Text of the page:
For example, suppose for a certain date and latitude we have sunrise at 5 AM, sunset at 7 PM, and a local apparent time of 4 PM. Then the Italian hour is 21 and the Babylonian hour is 11.
Apian used a different arrangement for the numerals in the conversion graph. (Figure 4.) Along the upper curved line of the nomogram are two scales, each counting from 0 to 24, but in opposed order. In the nomogram itself there is a second scale counting from 0 to 24, however some numerals aren't present. Apian provided Latin text to tell which scale is used for the conversion, as well as other information. In our figure, these legends are given English abbreviations.
"LD" means length of the day,
"LN" means length of the night,
"AM-BAB" means use as Babylonian time if hour is AM and so on.
Their use follows the same legend described previously for Stab's dial. There is, however, an oddity in the arrangement of Apian's design, which leads to a problem for using his conversion graph. If the dial is set according to the date and latitude, and the string is held along the vertical hour lines, the L.A.T. of sunrise and of sunset may be read from the scale at the bottom, as was described previously. However, for use in the conversion graph the string is now not correctly placed. If the lengths of the day and night are directly read on the scales concerned, their values are reversed. This means that in order to use this conversion nomogram, the string has to be relocated to the same- numbered hour at the other side of the 6 o'clock line. It appears that it would have been better to change the arrangement of the date scale at the top of the card dial by reversing the zodiacal signs and by reversing the hour scale at the bottom of the dial. Did Apian have some special rationale for his arrangement? We have been unable to think of any, but perhaps a reader can offer a plausible one.
In both of the historical examples we are discussing, there are also lines drawn for converting L.A.T. into Antique time.
As mentioned earlier, these lines make the nomogram even more complicated, and for that reason we show them only separately, as in Figure 5.
In the Stab dial the length of each variable day is divided into 12 equal parts, according to the usual practice for Antique hours. Once again, we find a strange thing in the dial of Apian, for his 12-part division is not linear. So we have another question left open for speculation.
It isn't easy to make good copies of the pictures of the historical examples we have found, but in Figure 6, an image of the Peter Apian dial is reproduced.Click for picture,103 kB
Basic Construction for Regiomomtanus and Apian Dials: (See Figure 7.)
For both dials:
Draw a semicircle AOB with center M, diameter AB, and draw the line KMO perpendicular to AB. Divide the semicircle in equal parts of 15 degrees and draw from these points the hour lines for local apparent time parallel to KO.
For the Regiomontanus dial:
Draw OP perpendicular to KO. This line intersects the outer hourline at P.
Draw lines from P (as PQ) onto KO with angle OPQ equal to the latitude. In Figure 7 this has only been done for latitude 50 degrees.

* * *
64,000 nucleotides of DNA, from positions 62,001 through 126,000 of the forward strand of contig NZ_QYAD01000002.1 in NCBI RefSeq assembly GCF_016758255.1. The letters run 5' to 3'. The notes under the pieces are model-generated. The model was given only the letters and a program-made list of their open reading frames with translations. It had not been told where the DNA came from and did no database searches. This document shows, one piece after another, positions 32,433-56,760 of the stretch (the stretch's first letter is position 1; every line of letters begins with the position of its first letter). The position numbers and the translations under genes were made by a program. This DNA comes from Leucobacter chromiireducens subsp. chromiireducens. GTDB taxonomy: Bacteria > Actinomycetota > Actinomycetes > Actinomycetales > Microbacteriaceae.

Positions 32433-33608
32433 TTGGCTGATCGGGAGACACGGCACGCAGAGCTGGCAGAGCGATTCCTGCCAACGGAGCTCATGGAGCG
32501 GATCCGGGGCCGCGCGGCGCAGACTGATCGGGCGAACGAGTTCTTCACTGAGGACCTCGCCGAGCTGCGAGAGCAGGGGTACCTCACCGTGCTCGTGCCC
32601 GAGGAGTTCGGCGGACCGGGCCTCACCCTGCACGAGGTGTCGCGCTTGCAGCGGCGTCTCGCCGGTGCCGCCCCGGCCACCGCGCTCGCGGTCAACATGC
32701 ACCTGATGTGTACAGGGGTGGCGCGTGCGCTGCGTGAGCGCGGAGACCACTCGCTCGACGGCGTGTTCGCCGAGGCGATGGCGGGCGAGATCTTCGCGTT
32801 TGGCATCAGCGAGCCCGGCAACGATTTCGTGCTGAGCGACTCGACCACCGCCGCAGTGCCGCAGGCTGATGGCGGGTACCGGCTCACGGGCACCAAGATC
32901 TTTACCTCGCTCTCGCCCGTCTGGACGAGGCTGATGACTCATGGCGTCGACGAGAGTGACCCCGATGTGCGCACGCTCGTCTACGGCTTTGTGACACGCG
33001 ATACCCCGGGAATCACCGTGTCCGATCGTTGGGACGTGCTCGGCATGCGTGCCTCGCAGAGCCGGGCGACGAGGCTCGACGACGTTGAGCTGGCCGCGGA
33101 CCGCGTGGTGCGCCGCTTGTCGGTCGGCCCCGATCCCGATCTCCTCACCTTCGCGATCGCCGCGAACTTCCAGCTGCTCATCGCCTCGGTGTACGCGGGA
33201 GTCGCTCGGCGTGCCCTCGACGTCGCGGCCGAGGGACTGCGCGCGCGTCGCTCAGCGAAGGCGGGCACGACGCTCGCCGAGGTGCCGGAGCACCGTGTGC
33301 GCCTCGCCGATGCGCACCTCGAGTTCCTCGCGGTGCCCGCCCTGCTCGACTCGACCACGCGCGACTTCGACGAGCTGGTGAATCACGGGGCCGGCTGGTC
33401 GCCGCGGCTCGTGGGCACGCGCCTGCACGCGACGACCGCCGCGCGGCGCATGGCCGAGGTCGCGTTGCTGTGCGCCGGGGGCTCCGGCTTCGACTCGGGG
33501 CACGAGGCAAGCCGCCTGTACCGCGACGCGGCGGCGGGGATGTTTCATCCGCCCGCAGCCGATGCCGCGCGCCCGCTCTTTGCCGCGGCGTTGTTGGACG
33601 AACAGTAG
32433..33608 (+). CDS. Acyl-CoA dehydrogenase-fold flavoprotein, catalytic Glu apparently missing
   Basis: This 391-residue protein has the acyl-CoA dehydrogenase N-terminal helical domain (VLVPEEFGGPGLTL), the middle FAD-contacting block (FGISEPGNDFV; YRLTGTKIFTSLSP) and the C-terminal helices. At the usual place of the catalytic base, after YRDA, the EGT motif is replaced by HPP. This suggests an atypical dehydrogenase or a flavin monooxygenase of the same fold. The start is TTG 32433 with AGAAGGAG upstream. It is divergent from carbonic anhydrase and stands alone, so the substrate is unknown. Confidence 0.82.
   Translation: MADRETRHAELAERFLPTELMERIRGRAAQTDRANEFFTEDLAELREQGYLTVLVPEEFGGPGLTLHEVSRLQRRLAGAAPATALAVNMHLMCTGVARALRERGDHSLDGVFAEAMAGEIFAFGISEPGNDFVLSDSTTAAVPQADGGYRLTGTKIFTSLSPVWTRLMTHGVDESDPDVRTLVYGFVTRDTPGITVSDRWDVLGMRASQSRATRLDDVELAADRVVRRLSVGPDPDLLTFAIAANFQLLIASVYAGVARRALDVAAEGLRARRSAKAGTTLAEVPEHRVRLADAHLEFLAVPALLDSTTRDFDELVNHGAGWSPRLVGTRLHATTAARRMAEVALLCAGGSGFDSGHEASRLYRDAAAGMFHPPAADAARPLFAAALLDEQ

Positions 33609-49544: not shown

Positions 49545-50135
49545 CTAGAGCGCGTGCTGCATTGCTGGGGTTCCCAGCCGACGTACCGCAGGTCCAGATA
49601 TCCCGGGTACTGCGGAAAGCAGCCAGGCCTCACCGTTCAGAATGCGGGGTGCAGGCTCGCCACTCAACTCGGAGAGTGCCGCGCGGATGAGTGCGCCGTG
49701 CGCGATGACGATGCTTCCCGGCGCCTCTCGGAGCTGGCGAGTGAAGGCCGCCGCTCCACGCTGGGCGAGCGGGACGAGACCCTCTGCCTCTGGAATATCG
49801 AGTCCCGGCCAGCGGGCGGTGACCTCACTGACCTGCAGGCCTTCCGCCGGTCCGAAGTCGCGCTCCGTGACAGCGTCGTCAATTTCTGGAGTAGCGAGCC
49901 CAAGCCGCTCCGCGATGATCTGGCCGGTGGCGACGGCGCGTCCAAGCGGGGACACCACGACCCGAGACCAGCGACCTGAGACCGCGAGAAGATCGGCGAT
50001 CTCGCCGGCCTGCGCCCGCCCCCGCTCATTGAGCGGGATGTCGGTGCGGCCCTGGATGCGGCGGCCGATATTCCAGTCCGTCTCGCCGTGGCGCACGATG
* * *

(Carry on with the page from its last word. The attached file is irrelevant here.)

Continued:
Draw horizontal lines for the latitude scale. Draw lines at both sides of OP an OK with angles equal to the sun's declination for the zodiacal calendar's divisions. Useful values are 23.5, 20, and 11.5 degrees.
For Apian dial:
Draw lines from M (as MQ) onto the outer hourline with angle BMQ equal to the latitude. In Figure 7 this has only been done for latitude 50 degrees.
Draw through M lines N'N, perpendicular to each latitude line MQ for the scale of latitude.
Draw from A, at both sides of MA, lines with angles equal to the sun's declination. Only one half has been drawn in Figure 7.
Draw horizontal lines for the zodiacal calendar.
For the nomograms:
The hour lines for L.A.T. are used as a part of the nomogram.
Draw a second set of horizontal hour lines, divided along a vertical linear scale as can be seen in Figures 3 or 4.
Connect the intersecting points of these two hour scales with curves in / and \ directions for the Babylonian and Italian time.
For the Antique time divide the vertical space between the outer curved line and the bottom line into 6 equal parts and draw the lines.
A Qbasic program, REGIOM.BAS, which can be downloaded from the start page, calculates these dials and prints out their delineations. This program draws directly onto the screen, but also saves calculated points in a text file, xxxx.txt. With the conversion program, CNVXXXX.EXE, the text file can be converted into xxxx.rlt and also into xxxx.dxf files. These converted files may be used as input for Zonwvlak or a CAD program such as Deltacad.
 Johann Regiomontan, or Regiomontanus: (Johann Mller von Knigsberg, 1436 - 1476) In 1474, Regiomontanus disclosed his universal card dial, which is described in a Latin publication, "Quadratum horarium generale"and in a German publication, "Algemeinen Uhrtfelchen".
 Peter Apian or Apianus: (Peter Bennewitz, 1495 - 1552) "Bennewitz" means "bee-keeper." "(Apis" is Latin for "bee.") Apian discussed quadrants in his, "Instrument Buch," 1533.
 Nomograms (also called nomographs) are graphical devices by which corresponding values of functionally related quantities can be found. They are close kin to slide rules.
 For a modern realization of a universal card dial where the brachiolus is replaced by a nomogram, refer to "A Universal Nomographic Sundial" by Frederick W. Sawyer, in his "Sciatheric Notes - I" NASS 1998. The article appeared previously in the Bulletin of the British Sundial Society 94.3, October 1994:14-17.
 Johann Stab ( ? - 1522 ) Published in 1512 his "Horoscopion," the source relied upon here. Supplementary Notes: Recently we saw in a Cristies' catalog a third example offered for sale. The dial, about 22.6 cm by 14.8 cm in size, was made by Erasmus Habermel around 1590. (Its listed price is about 300,000 British pounds.) The delineations on this dial are of the same form as those on the example by Johann Stab. Erasmus Habermel ( ? - 1606 ) is a well-known instrument maker, as a number of his instruments have survived.